We sailed for Futuna --- In my life I have often wanted to see that happy island, watered with the blood of a martyr. Who has been my brother in arms and perhaps yours too. Twenty leagues away we started to make out the tops of the high mountains of Alofi (a neighbouring island of Futuna and a dependent of it) six leagues away. Absolute calm. The natives noticed our schooner while the crew fished two large sharks which were seven or eight feet long; eight young men from Futuna, strong and powerful came to us in a canoe which was nothing else but a tree trunk hollowed out the way they do it in that country. I embraced them and gave them something to eat; then, I suggested that they take me to the shore in their canoe. That is what they wanted too. I left Father Villien who was seasick and I got on board their canoe. They made the sign of the cross, they untied their long hair. I noticed that they all had their crosses and their rosaries around their necks, as in Wallis, and there I was for four hours sitting on the wide ocean on a tree trunk which they made fly over the waves at an incredible rate. The thought of being afraid did not occur to me, so preoccupied was I by the joy of seeing Futuna. At seven at night I embraced Father Servant, and he told me that fourteen young men of Futuna, all catechists, very religious and from the main families of Futuna set sail two months previously to go and meet a ship, just as they did for me. But they were assailed by a dreadful storm and were not seen again, leaving all the island grieving. I spent a week in Futuna.
What a joy it was to be able to open my heart on the tomb of the reverend Father Chanel, that dear co-disciple who reigns today in heaven. What a pleasure to celebrate holy Mass with the blood stained soutane and the priestly accoutrements with which he celebrated Mass the very day of his martyrdom. His tomb is right inside the church; a cross has been raised beside the altar, at the foot of the sanctuary on the very spot where he received the blow which sent him to heaven. That cross which is six foot high is surrounded by a wreath of garlands and flowers which the natives carefully renew every Sunday. We spent a week in Futuna, half in the parish of Our Lady of the Martyrs where the body of father Chanel lies and half in the parish of St Joseph which Father Favier looks after. It would be quite impossible for me to tell you the fine welcome we received from the people of Futuna. Scarcely had we arrived than all the parish knew about it already. They fired rifles; they organized a solemn kava ceremony; they did what they always did for all the missionaries.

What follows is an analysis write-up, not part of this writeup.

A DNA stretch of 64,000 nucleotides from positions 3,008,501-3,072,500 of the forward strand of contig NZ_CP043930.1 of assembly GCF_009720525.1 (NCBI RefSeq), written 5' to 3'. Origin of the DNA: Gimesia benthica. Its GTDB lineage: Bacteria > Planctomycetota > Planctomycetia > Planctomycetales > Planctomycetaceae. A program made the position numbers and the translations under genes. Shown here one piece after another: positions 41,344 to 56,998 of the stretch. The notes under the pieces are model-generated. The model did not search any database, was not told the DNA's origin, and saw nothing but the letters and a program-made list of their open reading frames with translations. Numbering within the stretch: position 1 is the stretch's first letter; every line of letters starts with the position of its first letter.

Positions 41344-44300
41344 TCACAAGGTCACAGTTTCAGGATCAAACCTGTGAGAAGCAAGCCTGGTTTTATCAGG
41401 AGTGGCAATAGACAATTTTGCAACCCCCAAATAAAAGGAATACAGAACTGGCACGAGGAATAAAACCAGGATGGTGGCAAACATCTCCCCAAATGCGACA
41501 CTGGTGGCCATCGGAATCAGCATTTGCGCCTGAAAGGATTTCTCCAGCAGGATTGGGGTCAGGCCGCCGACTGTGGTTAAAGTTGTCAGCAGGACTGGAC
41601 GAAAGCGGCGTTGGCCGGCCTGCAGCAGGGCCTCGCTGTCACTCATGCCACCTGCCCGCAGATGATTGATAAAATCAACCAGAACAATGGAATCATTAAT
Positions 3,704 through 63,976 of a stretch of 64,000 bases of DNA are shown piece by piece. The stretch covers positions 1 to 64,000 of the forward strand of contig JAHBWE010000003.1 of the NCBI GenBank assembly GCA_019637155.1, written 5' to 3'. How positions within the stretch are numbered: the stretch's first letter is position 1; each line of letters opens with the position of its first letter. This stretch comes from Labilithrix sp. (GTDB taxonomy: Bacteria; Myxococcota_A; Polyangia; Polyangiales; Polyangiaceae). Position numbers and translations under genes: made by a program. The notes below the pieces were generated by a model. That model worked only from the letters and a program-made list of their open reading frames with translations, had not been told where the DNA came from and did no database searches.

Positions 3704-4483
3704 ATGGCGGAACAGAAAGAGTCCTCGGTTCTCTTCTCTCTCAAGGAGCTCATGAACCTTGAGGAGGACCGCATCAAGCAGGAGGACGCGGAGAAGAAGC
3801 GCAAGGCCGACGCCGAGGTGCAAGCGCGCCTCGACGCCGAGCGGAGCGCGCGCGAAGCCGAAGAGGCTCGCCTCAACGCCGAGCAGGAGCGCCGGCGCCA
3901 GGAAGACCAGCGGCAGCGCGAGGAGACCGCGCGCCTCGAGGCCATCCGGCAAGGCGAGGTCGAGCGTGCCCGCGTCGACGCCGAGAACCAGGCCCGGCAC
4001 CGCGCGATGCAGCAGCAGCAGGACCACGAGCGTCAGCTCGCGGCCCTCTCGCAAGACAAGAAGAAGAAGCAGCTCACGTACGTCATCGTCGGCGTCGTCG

I don’t think there is any parish on earth which traces better the customs of the church in its first years. Everybody is fervently Catholic without exception instead of rousing them to piety, the missionaries have nothing else to do than restrain them so that they don’t go too far. Every morning there is common prayer and the Mass during which they sing hymns. After Mass kava and then they go to work. Every evening there is prayer at church and the singing of hymns, then kava in the courtyard of the mission station. After the kava, instruction lasts thirty minutes. The old people, the women, the young people, the pious one, the little boys and girls and finally the quite small children, all have theirs in private huts and that occurs every day in the year. Catechism lessons occur all at the same time and led by twenty young people who are the most distinguished for their knowledge and their piety and by as many young persons who are models of virtue. Those who were older knew the four parts. A large number replied very well to all the objections made against Catholicism by which others try to embarrass them. Finally in the large catechisms, they know most of the stories of the First Testament. After catechism comes the rosary; they finish with two couplets from a song in honour of the Holy Virgin. After rosary there is a class for singing or chanting, alternatively one day for men and the next for women after which comes the last kava ceremony. I really regret not having time to write to you a little bit about the kava ceremony, which occurs at any moment and which is performed more strangely in Futuna than elsewhere. That will be for another time.